The Tesla Model 3 achieved yet another milestone as it continues its international ramp. Over the first quarter, the electric sedan from Silicon Valley successfully rocketed past other popular electric cars in Western Europe, taking its place at the top of the region’s list of best-selling EVs.
Berlin-based automotive industry analyst Matthias Schmidt noted that Tesla sold 19,482 Model 3 in the first quarter, a significant lead over the previous #1 EV in the region, the ubiquitous Renault Zoe, which sold 11,049 units over the same period. This is particularly impressive for the Model 3, as it was only available in the market since February, and it was more than twice, or (at times) even three times the cost of the best-selling Zoe. The Nissan Leaf, a veteran in the mainstream EV market, bowed down to the Model 3 as well, selling 10,315 in the first quarter.
The Model 3’s competitors in the premium electric vehicle segment were farther off. The Jaguar I-PACE, which recently received the World Car of the Year award, was 7th place in Europe’s sales, selling 3,012 units in Q1. The Audi e-tron, also a much-hyped vehicle that was, at one time, considered as a potential “Tesla Killer” by skeptics, sold a rather humble 2,526 units in the first quarter, according to the Berlin-based analyst’s data.
In a statement to Forbes, the auto analyst noted that the Model 3’s competition from Europe might be deliberately holding back their sales due to the European Union’s (EU) carbon dioxide (CO2) regulations, which are set to become tighter next year. According to Schmidt, automakers might be aiming to grow their electric car fleets in 2021, in order to bring down their average emissions and avoid fines. Thus, Tesla has all the opportunity it needs to push the Model 3 today, since its all-electric fleet is in no danger from the EU’s tightening emissions rules.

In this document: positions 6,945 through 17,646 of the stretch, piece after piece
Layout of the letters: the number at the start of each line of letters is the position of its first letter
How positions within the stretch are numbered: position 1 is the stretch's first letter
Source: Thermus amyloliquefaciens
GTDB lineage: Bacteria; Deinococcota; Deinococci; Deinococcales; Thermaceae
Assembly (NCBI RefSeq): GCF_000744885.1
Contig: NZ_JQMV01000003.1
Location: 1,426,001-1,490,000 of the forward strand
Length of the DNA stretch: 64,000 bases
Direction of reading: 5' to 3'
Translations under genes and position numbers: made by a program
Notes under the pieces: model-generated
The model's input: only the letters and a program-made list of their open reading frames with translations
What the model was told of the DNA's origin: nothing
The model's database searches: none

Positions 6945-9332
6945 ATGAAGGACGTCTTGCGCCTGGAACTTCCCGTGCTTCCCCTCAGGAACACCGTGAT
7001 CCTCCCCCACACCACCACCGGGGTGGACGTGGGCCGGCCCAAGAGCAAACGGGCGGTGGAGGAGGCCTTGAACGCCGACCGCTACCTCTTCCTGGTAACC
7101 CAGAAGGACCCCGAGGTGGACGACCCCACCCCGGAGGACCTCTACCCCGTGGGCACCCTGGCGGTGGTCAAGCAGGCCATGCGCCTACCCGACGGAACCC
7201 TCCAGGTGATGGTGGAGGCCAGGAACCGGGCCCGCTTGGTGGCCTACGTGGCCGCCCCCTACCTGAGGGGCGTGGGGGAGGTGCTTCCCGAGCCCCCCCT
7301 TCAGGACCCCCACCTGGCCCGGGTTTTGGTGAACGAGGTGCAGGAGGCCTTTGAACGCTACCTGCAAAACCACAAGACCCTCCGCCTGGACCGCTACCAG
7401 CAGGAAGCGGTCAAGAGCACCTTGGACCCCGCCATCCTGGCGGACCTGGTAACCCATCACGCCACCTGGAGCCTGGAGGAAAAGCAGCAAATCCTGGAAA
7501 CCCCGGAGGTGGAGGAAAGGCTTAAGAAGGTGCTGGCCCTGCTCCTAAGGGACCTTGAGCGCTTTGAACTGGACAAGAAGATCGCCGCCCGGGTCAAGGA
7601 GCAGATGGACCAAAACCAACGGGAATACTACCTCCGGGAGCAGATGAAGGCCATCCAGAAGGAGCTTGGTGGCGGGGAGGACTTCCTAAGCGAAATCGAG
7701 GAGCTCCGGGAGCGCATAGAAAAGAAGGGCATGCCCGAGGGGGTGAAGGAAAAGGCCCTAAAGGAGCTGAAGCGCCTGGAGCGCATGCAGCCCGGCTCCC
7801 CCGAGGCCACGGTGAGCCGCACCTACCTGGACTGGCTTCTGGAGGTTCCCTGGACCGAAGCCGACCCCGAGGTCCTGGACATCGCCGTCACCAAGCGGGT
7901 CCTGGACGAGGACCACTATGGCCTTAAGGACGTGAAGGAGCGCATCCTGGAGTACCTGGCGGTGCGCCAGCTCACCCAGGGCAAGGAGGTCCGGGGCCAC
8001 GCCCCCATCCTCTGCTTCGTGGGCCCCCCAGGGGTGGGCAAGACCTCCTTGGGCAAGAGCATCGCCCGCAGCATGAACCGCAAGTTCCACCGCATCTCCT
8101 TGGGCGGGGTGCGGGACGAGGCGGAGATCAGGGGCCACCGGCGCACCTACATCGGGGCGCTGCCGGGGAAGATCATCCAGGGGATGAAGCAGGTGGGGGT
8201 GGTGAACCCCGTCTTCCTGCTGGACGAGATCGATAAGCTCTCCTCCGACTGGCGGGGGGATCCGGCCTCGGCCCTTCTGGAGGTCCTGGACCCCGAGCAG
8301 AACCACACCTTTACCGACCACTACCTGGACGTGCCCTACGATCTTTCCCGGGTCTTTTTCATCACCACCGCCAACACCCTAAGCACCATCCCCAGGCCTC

“I expect the Model 3 to finish the year as the top-selling electric car model in Europe helped along by the fact that other manufacturers are reducing supply of their electric models to 2020, with plenty of creative excuses, in order to lower their fleet average CO2 emissions – when it counts – to achieve the next round of EU targets being introduced in 2020 covering 95% of their total fleet and 100% in the following year. Tesla is the only manufacturer that doesn’t have an issue meeting fleet average CO2 emissions and effectively has an open goal up to the end of this year,” the analyst said.
The Tesla Model 3 is proving to be a disruptive vehicle in every region it has been deployed to so far. With Model 3 deliveries focused on North America last year, the electric sedan became the best-selling luxury vehicle in the United States. The Model 3 made its presence known as it made its way into Europe as well. Norway, for one, reported that nearly 60% of all vehicles sold in the country in March were all-electric. More than 18,000 cars were registered in the country during the month, and over 10,000 were all-electric. From this number, 5,822 were Tesla Model S, Model 3, and Model X, which means that one in every three vehicles sold in Norway in March was a Tesla. The Model 3 also made a strong impact in Switzerland, where the all-electric car became the country’s best-selling car at the end of Q1, electric or otherwise.